Employees increasingly expect the companies they work for to care about more than just the bottom line. What’s more, they expect companies to practice responsibility in the realm of philanthropy, the environment and social justice. A year of intense protest and political activity in 2020 sparked a number of companies to draft statements and new policies that reflected an increasing commitment to racial justice and social issues.
All of these new pressures on corporate America have naturally raised important questions about creating a meaningful approach to diversity and inclusion — and one that goes beyond simple slogans and lip service to the cause of social justice. For many companies, that means creating a comprehensive approach to diversity and inclusion.
How D&I Affects the Bottom Line
Making the matter of crafting a strong approach to diversity and inclusion even more pertinent is that studies increasingly show that taking a proactive approach to D&I means a positive impact to the bottom line.
McKinsey recently compiled a report on the tangible monetary benefits of diversity and inclusion on the corporate level and found that companies that pay attention to D&I are typically more profitable than others. They found that companies in the top quartile for gender diversity on their executive teams outperformed companies in the lowest quartile by 21%. For ethnic and cultural diversity, the top quartile outperformed the bottom by 33%.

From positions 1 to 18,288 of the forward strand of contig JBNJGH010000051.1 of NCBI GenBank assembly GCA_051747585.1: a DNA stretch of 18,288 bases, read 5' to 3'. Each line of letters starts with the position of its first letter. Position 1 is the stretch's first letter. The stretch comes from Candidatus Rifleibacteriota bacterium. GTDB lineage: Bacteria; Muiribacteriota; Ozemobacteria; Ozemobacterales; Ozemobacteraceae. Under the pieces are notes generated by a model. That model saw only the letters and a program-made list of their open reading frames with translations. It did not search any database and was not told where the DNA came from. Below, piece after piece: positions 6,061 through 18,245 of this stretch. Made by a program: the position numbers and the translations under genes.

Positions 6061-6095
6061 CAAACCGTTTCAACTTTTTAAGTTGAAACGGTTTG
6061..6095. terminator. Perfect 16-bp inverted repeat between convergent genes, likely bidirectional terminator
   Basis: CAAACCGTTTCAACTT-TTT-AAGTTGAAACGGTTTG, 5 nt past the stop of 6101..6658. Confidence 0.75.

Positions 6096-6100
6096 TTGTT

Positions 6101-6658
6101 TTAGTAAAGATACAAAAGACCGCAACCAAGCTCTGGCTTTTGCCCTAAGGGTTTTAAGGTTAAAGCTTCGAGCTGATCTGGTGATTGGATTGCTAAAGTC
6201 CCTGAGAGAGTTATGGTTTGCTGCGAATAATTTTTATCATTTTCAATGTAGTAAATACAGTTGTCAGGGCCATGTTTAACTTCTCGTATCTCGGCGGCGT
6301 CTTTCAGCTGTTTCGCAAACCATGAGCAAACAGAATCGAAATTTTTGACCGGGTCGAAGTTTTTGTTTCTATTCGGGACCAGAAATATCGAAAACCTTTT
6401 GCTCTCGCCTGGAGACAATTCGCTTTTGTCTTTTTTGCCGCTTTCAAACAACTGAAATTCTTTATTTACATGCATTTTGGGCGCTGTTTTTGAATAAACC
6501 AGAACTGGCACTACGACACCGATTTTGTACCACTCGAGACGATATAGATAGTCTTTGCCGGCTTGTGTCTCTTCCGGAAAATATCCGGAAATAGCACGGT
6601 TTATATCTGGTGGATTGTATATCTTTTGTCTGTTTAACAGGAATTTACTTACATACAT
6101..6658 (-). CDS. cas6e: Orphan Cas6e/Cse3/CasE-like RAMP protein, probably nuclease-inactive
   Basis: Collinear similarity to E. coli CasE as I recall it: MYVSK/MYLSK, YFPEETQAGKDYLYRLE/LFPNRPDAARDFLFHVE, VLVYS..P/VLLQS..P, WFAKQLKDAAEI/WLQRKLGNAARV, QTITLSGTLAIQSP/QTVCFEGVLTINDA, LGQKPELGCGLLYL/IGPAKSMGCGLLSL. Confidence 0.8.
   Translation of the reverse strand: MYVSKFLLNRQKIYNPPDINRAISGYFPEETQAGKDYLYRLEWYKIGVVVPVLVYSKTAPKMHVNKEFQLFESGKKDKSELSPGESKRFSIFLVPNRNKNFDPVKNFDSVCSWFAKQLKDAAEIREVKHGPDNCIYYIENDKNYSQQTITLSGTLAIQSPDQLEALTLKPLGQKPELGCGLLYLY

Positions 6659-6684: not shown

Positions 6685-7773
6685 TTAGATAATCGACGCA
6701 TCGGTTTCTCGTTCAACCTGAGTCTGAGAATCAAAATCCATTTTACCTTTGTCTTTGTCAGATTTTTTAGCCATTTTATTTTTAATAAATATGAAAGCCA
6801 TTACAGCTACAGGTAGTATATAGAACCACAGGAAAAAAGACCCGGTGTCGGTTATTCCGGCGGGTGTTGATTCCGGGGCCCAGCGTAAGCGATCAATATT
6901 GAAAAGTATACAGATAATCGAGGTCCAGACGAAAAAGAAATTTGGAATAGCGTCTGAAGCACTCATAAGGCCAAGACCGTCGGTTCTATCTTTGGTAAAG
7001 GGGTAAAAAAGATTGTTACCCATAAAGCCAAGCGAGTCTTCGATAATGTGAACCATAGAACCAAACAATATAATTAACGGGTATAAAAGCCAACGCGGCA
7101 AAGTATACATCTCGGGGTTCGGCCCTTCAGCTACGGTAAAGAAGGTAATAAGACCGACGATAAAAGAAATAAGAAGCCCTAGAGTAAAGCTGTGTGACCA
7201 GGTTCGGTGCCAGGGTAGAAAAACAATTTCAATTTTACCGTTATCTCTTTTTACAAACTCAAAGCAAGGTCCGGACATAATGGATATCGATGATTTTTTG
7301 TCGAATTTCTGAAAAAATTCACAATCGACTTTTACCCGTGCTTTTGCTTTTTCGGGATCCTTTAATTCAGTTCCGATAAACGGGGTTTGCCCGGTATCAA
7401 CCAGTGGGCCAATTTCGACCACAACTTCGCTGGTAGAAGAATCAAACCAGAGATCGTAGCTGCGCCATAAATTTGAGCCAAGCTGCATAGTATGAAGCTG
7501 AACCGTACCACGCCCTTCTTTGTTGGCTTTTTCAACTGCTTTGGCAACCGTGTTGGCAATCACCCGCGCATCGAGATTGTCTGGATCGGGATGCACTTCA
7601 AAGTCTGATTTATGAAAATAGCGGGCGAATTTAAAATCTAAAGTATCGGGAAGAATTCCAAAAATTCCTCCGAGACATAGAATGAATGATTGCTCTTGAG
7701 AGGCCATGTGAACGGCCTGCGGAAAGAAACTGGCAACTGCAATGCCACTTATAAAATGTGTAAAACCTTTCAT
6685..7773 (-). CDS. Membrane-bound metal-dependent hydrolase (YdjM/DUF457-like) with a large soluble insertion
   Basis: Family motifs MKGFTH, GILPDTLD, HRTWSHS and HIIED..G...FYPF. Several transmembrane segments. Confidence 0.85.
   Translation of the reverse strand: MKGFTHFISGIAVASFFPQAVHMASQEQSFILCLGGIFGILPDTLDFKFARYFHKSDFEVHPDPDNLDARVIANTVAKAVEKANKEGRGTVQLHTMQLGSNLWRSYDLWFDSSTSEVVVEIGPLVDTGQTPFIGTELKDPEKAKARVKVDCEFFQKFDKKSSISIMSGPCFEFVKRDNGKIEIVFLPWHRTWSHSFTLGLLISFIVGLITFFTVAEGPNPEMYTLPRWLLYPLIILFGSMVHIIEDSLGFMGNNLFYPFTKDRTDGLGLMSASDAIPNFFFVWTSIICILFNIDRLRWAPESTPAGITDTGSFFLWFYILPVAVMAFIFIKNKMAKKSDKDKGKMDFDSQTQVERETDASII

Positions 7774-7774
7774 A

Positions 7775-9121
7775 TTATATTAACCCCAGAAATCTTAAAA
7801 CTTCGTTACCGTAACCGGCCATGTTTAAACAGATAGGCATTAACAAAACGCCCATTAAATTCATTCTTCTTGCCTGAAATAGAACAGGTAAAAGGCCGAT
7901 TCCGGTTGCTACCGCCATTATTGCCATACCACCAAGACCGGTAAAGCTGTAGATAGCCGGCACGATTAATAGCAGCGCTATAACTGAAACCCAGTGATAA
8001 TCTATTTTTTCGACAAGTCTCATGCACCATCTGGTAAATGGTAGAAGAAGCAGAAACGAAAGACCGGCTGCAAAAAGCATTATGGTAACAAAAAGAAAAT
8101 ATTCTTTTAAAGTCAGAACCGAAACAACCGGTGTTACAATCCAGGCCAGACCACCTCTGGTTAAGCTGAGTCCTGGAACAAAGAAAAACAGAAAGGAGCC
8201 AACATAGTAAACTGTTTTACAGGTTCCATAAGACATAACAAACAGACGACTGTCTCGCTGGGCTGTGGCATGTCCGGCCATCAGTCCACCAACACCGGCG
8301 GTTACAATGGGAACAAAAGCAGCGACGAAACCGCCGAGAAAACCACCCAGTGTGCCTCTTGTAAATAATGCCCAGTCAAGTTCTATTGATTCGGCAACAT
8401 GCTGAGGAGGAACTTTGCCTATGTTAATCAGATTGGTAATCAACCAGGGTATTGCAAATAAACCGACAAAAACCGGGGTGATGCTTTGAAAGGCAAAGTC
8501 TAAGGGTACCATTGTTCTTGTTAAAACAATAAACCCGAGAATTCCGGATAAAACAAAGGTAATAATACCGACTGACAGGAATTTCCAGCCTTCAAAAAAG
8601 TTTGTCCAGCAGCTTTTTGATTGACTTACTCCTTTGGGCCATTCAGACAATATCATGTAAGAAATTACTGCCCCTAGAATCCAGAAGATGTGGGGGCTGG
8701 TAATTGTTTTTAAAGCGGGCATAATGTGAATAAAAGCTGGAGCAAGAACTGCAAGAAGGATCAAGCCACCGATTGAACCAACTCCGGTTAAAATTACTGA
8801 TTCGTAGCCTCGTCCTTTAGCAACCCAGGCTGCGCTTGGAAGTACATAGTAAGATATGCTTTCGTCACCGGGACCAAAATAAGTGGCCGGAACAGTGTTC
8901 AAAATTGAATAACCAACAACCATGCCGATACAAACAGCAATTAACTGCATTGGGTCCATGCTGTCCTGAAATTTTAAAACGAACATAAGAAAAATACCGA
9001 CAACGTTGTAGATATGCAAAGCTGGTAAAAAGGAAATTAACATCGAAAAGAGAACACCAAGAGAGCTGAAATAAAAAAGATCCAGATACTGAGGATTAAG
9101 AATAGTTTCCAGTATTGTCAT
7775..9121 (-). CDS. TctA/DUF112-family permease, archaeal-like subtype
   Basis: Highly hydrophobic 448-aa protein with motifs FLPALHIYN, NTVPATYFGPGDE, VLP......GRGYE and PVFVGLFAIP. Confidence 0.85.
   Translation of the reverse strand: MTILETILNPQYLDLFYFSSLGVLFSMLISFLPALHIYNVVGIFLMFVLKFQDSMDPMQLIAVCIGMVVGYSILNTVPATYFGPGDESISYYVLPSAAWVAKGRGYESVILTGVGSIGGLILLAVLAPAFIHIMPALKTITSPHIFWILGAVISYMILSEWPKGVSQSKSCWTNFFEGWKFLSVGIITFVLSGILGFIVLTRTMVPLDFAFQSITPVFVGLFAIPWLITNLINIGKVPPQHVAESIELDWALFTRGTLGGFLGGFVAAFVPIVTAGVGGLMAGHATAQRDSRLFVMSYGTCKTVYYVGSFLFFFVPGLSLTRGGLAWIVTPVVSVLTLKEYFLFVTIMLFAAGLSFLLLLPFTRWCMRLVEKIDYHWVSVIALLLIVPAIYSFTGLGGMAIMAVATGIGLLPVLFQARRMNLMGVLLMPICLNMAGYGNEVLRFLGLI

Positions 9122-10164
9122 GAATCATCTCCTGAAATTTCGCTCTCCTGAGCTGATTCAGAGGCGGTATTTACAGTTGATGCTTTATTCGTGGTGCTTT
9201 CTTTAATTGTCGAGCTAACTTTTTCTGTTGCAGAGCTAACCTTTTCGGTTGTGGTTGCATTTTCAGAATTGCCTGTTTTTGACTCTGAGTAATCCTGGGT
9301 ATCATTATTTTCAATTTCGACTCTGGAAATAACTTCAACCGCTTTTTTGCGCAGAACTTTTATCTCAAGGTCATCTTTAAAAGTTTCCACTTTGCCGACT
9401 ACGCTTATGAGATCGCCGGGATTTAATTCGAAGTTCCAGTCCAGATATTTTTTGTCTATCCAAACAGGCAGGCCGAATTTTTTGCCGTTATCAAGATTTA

Crafting an Effective “Diversity and Inclusion” Statement
A D&I statement is an incredible way to help align your diversity goals to your identity as a company and your business goals. Much like a mission statement, it allows a company to reflect on how its culture and values reflect on business operations.
The format of a D&I is up to you but consider the following:
- Include elements of this statement in your company’s on-boarding and training materials.
- Commit to revisiting the statement yearly
- Institute metrics or KPIs and communicate them regularly to your staff
- Employ a team or working group model to get buy in for your D&I initiative
Getting Buy-In for Your D&I Initiative
Successful diversity initiatives rely on leadership and buy-in at all levels of the company, including:
- A commitment to diverse hiring
- Inclusive processes that involve many perspectives from within the company
- Accountability and metrics to demonstrate the program is meeting outlined benchmarks
Making your diversity and inclusion strategy is a team effort can be a powerful way to build cohesion, buy-in and ultimate success. Consider creating a working group to formulate ideas, draft a D&I statement and solicit internal feedback.
Cultivate Diversity on Multiple Fronts
Other ideas on where you can boost diversity:
- Procurement Commitments: Commit to sourcing materials from underserved populations. For example, Salesforce recently committed to spending $100 million with Black-owned businesses over the next three years and commit to a 25% year-over-year growth in spending with minority-owned businesses.
- Language Matters: Look at internal and external communications such as training, newsletters and any other company communications to see if there are opportunities to make language more inclusive.
- Website Accessibility: Make sure that your website is accessible to all users, including those with visual and auditory impairments and older adults. Lighthouse from Google is a browser plugin that can help with this.
- Employee Resource Groups: These can be a great way of cultivating a sense of community and affinity among under-represented groups.